Chronic, or long-term, stress can cause decreased brain mass and weight. These structural changes in the brain can lead to memory, cognitive, and learning difficulties.
Changes in the structure of the hippocampus of the brain can occur from chronic stress. These changes, together with increased levels of cortisol, can affect how neurons communicate with each other.
Many strategies exist to help people manage stress. These strategies may include behaviors that improve physical health, such as exercise and proper nutrition. Some techniques focus on behaviors that are beneficial for emotional functioning.
Recently, mindfulness practices, which have roots in Buddhism, have become very popular. Mindfulness requires a person to focus their attention on the present moment, be aware of their passing thoughts and maintain a nonjudgmental stance.
Mindfulness-based stress reduction programs involve:
- breathing meditation
- body scanning techniques
- gentle, yoga-inspired physical exercises
Researchers have studied mindfulness practices extensively and shown that they may be effective in improving stress management.
Some people will require treatment for some of the physical and emotional complications of stress, such as depression, insomnia, and heartburn.
When stress leads to disease, people must also manage their stress to prevent their health issues from worsening or returning in the future.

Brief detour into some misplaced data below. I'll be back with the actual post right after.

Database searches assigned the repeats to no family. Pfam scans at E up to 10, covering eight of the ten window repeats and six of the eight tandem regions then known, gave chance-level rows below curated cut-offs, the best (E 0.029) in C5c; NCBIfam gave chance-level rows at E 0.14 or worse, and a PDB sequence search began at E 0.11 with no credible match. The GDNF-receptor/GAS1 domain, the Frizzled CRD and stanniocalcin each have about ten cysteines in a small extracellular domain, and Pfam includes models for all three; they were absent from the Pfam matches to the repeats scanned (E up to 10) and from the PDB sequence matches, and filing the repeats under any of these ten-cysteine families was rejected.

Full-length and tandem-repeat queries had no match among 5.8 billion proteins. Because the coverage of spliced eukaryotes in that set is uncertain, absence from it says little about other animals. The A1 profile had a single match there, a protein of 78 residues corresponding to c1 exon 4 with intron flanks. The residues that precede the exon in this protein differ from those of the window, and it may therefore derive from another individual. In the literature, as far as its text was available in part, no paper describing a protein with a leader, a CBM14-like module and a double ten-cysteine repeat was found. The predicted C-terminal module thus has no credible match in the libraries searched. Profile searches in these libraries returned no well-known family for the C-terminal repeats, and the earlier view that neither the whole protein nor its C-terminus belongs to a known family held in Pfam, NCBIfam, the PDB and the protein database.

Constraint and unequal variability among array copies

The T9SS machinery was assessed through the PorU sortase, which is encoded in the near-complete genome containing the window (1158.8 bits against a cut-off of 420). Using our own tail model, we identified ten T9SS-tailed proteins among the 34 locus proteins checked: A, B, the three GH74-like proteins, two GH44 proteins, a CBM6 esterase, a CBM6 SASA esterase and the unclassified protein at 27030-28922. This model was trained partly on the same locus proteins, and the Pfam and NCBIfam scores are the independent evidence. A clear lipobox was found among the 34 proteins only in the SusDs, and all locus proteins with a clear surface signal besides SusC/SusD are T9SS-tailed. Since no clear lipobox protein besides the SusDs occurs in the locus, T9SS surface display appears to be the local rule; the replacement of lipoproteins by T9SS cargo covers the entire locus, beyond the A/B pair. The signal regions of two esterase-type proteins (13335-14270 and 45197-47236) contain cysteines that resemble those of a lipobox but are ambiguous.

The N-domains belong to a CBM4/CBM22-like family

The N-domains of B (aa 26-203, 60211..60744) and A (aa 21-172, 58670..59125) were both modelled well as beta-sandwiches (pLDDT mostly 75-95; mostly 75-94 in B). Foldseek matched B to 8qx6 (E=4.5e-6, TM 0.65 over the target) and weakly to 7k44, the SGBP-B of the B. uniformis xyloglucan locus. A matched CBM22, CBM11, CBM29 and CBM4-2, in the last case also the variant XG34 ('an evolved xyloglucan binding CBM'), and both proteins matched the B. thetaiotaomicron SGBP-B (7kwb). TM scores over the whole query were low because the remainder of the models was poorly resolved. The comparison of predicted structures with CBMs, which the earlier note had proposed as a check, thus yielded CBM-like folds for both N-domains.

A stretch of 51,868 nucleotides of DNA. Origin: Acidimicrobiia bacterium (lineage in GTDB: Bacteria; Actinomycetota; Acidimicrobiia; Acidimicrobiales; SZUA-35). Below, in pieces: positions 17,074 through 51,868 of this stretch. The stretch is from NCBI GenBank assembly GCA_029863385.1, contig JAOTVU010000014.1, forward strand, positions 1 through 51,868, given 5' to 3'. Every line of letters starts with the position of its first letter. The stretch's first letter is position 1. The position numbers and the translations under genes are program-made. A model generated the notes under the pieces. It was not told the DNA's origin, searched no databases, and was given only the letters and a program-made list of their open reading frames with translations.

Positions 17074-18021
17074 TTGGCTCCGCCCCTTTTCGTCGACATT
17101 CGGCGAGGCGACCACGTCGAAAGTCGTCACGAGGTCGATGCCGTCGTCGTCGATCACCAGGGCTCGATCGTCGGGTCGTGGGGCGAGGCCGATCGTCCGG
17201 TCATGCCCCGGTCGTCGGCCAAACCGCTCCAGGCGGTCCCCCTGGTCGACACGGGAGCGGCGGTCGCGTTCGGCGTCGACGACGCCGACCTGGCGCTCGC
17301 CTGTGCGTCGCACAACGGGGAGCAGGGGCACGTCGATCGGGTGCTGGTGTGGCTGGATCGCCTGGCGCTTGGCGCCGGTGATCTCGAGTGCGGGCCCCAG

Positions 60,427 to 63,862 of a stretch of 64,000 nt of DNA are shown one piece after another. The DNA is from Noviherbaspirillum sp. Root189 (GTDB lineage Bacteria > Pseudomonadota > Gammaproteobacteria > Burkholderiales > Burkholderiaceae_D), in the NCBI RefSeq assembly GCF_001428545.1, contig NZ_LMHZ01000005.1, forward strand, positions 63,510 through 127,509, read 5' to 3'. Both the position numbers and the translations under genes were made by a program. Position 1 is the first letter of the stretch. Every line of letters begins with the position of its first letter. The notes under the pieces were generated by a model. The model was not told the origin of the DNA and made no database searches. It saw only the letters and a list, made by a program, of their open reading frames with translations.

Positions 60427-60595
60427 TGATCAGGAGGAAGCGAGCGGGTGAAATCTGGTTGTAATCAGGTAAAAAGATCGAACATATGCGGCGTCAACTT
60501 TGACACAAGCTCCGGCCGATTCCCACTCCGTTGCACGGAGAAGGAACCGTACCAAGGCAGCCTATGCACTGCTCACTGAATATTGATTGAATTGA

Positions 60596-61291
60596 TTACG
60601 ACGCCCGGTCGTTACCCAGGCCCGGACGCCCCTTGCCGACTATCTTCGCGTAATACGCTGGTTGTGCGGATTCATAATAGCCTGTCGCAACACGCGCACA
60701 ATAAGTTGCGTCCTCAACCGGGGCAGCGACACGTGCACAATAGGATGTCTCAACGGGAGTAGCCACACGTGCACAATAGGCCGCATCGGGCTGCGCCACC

People should see a doctor when they notice complications of stress, such as heartburn, digestive problems, and menstrual irregularities. Although some people may notice physical effects of stress, others may develop emotional or psychological effects, including depression and insomnia.
Psychological effects may require medication or psychotherapy. Doctors can offer advice on counseling and coping mechanisms.
In some situations, people may require treatment for the physical effects of stress, such as chronic headaches and digestive issues.
During acute stress, the body responds to protect itself from hazards such as injury and infection. When stressors become excessive or chronic, the body’s response may lead to negative effects and diseases. Stress can affect several bodily systems.
A range of remedies, including mindfulness practice, exercise, and proper nutrition, can help people cope with stress. Some individuals may require medical treatments to manage physical or psychological symptoms and diseases resulting from stress.